You Are Nothing Special (But You Can Be)
April 2, 2012 35 Comments
I can’t tell you how many times I’ve been told by some extremely enthusiastic indie developer “the difference between indie games and mainstream games is indie games are made with passion.” No. It’s just not true. Although I do not deny that indie developers are overflowing with so much passion that they cause all surrounding dust mites to hump like bunnies, it’s not a trait unique to them. Simply put, if you work in the game industry, you probably have a passion for video games.
Here’s a story for you. There was this guy named Larry who did an internship at our office. Larry was an accounting major at Stanford. Larry was a really cool guy. Funny, worked hard, and he was really smart. Also, Larry thought accounting was fucking boring as hell and dreaded the tedium his job would no doubt bring him in the future. I’m not the most talkative person, but I had to ask him why he would want to go to a prestigious school like Stanford on his own dime to study for a job he knows he would hate. Larry was intelligent enough that his options were, in my opinion at least, limitless. But Larry chose accounting because it’s a career that pays well and typically has a high degree of security.
Nobody who works in the game industry is like Larry. There’s nobody going to school who has aspirations for a job in game production who dreads the concept of their chosen career path. And that’s before we talk about the wages. Although some people can make exceptionally good salaries in gaming, most jobs in the industry typically pay less than what comparative jobs in different industries make.
Indie game developers are a proud group of people, and they should be. But when it comes time to describe what makes them unique, passion should be left off the table. No matter what anyone believes, I promise you that almost every schmo working at Electronic Arts, Activision, or any other major gaming company has a true passion and love of video games. They have to, because who would choose a career in an industry with below-average salaries, long hours, and job security that is often shaky at best?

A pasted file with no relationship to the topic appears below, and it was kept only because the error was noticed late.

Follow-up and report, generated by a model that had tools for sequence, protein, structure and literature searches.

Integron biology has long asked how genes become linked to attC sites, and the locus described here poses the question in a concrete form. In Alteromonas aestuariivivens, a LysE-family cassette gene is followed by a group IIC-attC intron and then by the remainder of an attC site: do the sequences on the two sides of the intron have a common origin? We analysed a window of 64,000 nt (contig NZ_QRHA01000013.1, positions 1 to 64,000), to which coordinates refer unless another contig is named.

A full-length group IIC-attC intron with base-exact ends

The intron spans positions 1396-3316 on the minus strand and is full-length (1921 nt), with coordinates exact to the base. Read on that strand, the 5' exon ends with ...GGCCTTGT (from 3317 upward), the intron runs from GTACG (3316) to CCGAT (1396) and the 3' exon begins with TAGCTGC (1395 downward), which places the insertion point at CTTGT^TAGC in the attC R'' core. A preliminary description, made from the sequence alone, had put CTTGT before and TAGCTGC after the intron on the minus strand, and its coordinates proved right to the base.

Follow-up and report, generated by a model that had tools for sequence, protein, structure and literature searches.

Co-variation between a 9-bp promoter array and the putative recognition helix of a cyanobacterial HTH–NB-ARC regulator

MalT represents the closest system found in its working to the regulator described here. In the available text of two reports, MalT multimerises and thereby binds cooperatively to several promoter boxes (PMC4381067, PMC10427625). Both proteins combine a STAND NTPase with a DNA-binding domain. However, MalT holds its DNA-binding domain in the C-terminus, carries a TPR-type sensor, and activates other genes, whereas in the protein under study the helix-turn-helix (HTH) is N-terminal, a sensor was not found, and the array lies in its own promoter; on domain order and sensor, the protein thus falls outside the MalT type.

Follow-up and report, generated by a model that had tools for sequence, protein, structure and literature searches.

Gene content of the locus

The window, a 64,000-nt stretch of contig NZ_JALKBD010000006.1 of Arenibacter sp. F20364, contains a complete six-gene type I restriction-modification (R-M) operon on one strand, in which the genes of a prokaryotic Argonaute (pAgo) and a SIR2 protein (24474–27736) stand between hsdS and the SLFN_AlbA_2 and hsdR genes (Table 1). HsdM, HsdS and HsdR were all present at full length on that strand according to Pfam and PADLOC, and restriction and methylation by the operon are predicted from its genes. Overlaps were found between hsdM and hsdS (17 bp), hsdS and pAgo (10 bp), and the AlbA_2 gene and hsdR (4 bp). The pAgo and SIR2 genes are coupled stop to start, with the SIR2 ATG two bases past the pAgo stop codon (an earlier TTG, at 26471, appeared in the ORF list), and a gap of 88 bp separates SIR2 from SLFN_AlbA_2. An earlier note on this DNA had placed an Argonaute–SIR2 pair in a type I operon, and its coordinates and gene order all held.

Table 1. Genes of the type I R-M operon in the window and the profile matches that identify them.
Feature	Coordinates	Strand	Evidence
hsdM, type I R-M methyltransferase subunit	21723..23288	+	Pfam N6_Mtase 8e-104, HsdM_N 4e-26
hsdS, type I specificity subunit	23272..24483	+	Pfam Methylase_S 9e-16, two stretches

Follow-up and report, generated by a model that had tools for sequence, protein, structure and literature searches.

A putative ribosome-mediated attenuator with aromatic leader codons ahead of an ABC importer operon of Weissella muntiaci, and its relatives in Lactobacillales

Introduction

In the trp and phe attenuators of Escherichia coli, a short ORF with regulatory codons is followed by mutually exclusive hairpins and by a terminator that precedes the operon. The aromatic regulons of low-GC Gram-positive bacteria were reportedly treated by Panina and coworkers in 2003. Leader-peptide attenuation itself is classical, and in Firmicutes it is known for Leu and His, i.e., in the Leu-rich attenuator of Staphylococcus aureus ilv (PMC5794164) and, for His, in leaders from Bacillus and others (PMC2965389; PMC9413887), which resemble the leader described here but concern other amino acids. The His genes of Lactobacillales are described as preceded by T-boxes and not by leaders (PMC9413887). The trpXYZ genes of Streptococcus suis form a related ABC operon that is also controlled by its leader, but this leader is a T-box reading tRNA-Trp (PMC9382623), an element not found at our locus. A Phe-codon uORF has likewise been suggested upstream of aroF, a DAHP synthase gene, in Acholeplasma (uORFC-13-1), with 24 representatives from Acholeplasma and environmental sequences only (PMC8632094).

So no, you are not special because of your passion. Quit bringing it up every interview. Mainstream writers need to quit using it as their all-encompassing adjective to describe the scene. It’s simply not true. Stop it. Please.
But, indie developers have something amazing that does make them unique. It’s precious enough that it should be the centerpiece of the entire indie development scene. The thing people point to that sells newcomers on why indie gaming is so important. Yet, for whatever reason, I rarely see developers talk about it.
You, the indie game developer, have it. Those people at EA or Activision that are every bit as passionate as you do not. You’re free to experiment. You’re free to get weird. You’re free to make mistakes. You’re free to try something that has never been attempted before. Why is this not the biggest crowing point on the scene?
When you make an indie game, you’re limited only by your imagination. Well, that and any technical limitations, but my point still stands. You can do anything you want with your game. They can’t. This is why you are special. So take advantage of that, and brag about that, and be proud of that. Go ahead, rub it in. But above all else, use it. One of my biggest disappoints since starting my site is how devoid of originality the indie scene at large seems to be. I’m sure the lure of making an easy couple grand on yet another zombie TwickS or Minecraft clone is tempting, but it won’t get you any attention. You could be the next big thing in gaming. I mean, whose to say you don’t have it in you? But the only way you can get there is by taking advantage of the one thing you have that they don’t. Yea, you’re also free to play Follow the Leader if you so desire. Just remember, there’s only one winner in that game and it already isn’t you. They’ll still get all the attention. All you’ll get is familiarity with the scent of the leader’s ass.